Human Rights in China (HRIC) has learned that imprisoned dissident Zhang Ming, who has been on hunger strike for several months, may be granted retrial.
According to sources in China, China’s Supreme People’s Court has approved Zhang’s application for an appeal, and has notified the Shanghai Supreme Court to retry Zhang Ming’s case, a step that is necessary before the Chinese Supreme People’s Court can take on the appeal. The Shanghai Supreme People’s Court earlier this year upheld the judgment of the Shanghai No. 1 Intermediate People’s Court on September 26, 2003, which sentenced Zhang to seven years in prison on charges of “abuse of executive benefits.”
Zhang Ming, one of the student leaders of the 1989 Democracy Movement, previously served three years in prison on charges of “counterrevolutionary incitement.” His most recent detention began on September 9, 2002, when he was arrested on charges of “endangering public safety” through an alleged plot to explode a multistory building. At the time of his arrest, Zhang Ming was president of a successful Shanghai company, and the amended charge on which he was ultimately convicted related to his business. Sources say the real reason for Zhang Ming’s most recent arrest was official envy over his success, and his refusal to recant his political principles or express regret for his previous actions. Zhang Ming’s trial at the Intermediate Court reportedly involved a number of irregularities, and Zhang has conducted a series of hunger strikes protesting the abuse of protest, reducing him to a skeletal condition.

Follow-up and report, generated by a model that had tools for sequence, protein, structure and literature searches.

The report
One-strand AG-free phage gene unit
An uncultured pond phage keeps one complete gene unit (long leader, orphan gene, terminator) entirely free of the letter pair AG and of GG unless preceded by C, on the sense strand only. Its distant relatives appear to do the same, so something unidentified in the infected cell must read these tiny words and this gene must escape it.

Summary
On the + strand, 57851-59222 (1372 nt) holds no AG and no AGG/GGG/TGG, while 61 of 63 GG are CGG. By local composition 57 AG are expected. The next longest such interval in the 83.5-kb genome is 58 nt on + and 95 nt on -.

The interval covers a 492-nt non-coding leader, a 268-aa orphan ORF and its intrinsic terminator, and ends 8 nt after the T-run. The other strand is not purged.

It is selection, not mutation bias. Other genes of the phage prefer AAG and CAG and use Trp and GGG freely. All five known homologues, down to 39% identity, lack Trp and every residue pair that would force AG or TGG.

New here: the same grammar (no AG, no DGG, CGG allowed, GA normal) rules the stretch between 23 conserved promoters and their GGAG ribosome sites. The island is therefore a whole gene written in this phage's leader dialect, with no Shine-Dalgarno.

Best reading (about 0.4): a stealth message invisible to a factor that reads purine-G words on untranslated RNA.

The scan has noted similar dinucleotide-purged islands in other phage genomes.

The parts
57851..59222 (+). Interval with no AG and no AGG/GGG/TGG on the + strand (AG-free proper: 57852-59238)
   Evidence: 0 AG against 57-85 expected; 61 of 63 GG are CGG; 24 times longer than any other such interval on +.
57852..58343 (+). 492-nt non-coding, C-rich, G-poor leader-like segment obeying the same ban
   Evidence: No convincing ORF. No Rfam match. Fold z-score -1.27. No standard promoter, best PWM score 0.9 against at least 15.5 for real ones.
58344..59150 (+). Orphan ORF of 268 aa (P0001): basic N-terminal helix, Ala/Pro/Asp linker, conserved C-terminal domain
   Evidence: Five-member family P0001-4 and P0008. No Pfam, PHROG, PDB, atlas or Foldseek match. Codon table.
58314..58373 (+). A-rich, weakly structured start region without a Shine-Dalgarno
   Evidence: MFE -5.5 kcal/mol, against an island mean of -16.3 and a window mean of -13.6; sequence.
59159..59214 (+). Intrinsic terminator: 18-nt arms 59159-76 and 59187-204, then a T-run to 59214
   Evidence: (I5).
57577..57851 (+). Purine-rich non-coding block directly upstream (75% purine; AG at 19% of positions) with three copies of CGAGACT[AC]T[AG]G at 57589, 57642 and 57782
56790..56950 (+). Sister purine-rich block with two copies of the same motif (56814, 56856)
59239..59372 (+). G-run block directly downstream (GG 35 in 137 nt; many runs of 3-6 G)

HRIC welcomes the Chinese Supreme People’s Court acceptance of Zhang Ming’s appeal. “It’s especially appropriate, as the 15th anniversary of the June 4th Massacre approaches, that a veteran of the protests should be offered the hope of justice,” said HRIC president Liu Qing. “We hope the Chinese Supreme People’s Court will closely monitor the proceedings in Shanghai and ensure that Zhang Ming is given the opportunity for a full and genuine defense.”